Caesar and Otto's Summer Camp Massacre took the long road to DVD distribution, but it was worth the wait. The 1.78:1 anamorphic transfer has a gritty, low budget feel to it. Shot on video, Summer Camp Massacre looks as good as you'd hope for a low budget horror flick. Brighter scenes (especially outdoors) look pretty crisp and well saturated, though some of the darker footage is a bit murky. But really, the transfer is exactly what the movie needs. The stereo audio mix is a no-frills affair, keeping the dialogue and score well-balanced and clear.
Extras are where this release shines. For Summer Camp Massacre, we get three different commentaries. Two feature Dave Campfield discussing the film, one with a moderator and the other with special guests. The third is a cast/crew commentary with Paul Chomicki, Summer Ferguson, Ken MacFarlane, Avi K. Garg, and Richard Calderon. Between these three you get everything you could ever have wanted to know about Caesar and Otto, from the camera it was filmed on to the difficulties the film ran into with budget and time constraints. The participants are engaging throughout, and they commentaries add real value to the disc. Next up is 13 minutes of behind the scenes and interview footage called "Behind the Massacre." Fans of Joe Estevez will appreciate the inclusion of 25 minutes of the man himself mugging for the camera and discussing his work. Finally, we get a set of deleted/alternate scenes that runs for five minutes along with a trio of trailers for Caesar and Otto films.
Most fans would be satisfied with the above, but Dave Campfield has loaded us down with a bonus Caesar and Otto short, Caesar and Otto Meet Dracula's Lawyer. It's a 15 minute film about the duo's encounter with the undead's solicitor. It's a nice continuation of the Caesar and Otto mythology. This short gets its own 60-second making of and a pair of commentaries.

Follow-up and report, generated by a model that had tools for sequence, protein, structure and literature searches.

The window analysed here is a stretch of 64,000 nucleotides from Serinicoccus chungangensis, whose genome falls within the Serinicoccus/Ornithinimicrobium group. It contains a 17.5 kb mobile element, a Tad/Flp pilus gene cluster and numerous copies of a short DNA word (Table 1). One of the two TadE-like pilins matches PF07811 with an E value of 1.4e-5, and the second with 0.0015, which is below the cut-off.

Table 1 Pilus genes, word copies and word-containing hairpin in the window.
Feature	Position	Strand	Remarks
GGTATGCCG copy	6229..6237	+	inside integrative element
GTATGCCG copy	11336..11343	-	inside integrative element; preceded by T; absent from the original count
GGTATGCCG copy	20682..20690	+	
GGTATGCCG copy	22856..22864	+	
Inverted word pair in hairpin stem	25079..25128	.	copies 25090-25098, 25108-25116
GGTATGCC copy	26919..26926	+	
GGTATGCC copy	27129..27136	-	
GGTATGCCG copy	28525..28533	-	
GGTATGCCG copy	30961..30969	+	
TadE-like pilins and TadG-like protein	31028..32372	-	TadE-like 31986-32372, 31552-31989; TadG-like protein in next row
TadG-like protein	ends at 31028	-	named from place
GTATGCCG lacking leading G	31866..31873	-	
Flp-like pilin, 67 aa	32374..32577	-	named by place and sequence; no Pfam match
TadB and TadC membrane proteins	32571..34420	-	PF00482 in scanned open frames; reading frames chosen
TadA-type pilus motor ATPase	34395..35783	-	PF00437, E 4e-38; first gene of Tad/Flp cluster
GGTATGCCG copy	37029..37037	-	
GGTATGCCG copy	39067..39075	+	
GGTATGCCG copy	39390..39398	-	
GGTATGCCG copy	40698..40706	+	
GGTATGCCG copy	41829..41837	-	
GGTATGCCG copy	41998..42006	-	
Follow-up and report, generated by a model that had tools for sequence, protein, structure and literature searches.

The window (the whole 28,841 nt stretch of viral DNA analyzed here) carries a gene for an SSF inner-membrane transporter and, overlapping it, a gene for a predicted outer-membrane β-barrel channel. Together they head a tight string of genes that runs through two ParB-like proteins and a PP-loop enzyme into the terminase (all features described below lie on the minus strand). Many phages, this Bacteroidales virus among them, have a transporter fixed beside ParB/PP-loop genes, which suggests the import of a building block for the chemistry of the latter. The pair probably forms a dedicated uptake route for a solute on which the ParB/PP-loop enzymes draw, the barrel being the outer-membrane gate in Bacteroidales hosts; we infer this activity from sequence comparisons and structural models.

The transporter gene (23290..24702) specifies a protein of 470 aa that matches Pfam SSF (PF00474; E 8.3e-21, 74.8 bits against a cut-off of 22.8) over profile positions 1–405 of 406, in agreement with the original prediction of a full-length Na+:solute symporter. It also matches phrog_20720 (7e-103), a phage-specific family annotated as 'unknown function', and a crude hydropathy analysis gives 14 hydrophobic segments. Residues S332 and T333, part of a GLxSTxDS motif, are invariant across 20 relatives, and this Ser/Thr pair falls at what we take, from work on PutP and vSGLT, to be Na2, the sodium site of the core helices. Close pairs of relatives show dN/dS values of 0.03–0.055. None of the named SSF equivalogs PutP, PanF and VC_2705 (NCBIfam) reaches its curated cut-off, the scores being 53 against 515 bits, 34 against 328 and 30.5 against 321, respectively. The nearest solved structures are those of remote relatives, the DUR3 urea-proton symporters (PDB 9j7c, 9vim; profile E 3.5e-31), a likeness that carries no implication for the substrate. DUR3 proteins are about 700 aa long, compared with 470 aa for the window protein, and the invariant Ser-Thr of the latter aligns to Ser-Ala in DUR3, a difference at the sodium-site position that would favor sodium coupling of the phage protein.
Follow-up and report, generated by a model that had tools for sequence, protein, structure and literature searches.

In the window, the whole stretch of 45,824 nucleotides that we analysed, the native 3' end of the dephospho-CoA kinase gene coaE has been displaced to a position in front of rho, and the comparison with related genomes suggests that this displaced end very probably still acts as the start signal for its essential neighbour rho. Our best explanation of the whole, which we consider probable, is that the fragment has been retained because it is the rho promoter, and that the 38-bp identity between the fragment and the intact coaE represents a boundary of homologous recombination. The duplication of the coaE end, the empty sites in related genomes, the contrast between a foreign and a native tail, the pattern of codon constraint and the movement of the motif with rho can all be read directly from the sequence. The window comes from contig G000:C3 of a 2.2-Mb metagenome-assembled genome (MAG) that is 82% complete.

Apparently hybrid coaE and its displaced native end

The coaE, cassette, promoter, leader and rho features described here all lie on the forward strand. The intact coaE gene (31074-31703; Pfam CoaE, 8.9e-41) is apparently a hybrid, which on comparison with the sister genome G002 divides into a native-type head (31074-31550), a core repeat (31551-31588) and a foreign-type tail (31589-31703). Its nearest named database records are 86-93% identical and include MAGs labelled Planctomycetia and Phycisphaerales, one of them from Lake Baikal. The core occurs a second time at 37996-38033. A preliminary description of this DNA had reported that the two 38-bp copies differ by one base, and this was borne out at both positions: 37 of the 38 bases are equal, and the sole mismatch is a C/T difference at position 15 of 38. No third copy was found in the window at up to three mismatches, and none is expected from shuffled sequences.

The Rebuttal Witnesses
I suspect that Caesar and Otto's Summer Camp Massacre is a love it or hate it film. Certainly some are going to find Campfield's brand of comedy shrill and obnoxious, while I'm sure others are going to object to his effeminate characterization. Those who are not already fans of low-budget horror are warned to stay far away, since neither the comedy nor the horror of Summer Camp Massacre is likely to be pleasant.
There is some good gore in Summer Camp Massacre, but it's fairly infrequent. Those just looking for gore and nudity will have to look elsewhere, since this film doesn't have enough red stuff to satisfy the gorehounds, and there isn't any naked female flesh on display.
Caesar and Otto's Summer Camp Massacre succeeds where Return to Sleepaway Camp failed, by bringing humor and horror back to the camp-slasher genre. The film breezes easily through its 75-minute runtime, and it seems so effortless that another Caesar and Otto film is both inevitable and welcome. I think we need a sequel to Summer Camp Massacre (whether it's Caesar and Otto in the House of Dracula or not) a lot more than we need another Saw film. Those looking for an evening of low-budget fun are encouraged to seek out Caesar and Otto's Summer Camp Massacre.
Caesar may be guilty of being flamboyant and Otto of being dumb, but Caesar and Otto's Summer Camp Massacre is only guilty of being fun.
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Scales of Justice
Studio: Brain Damage Films
• Three Audio Commentaries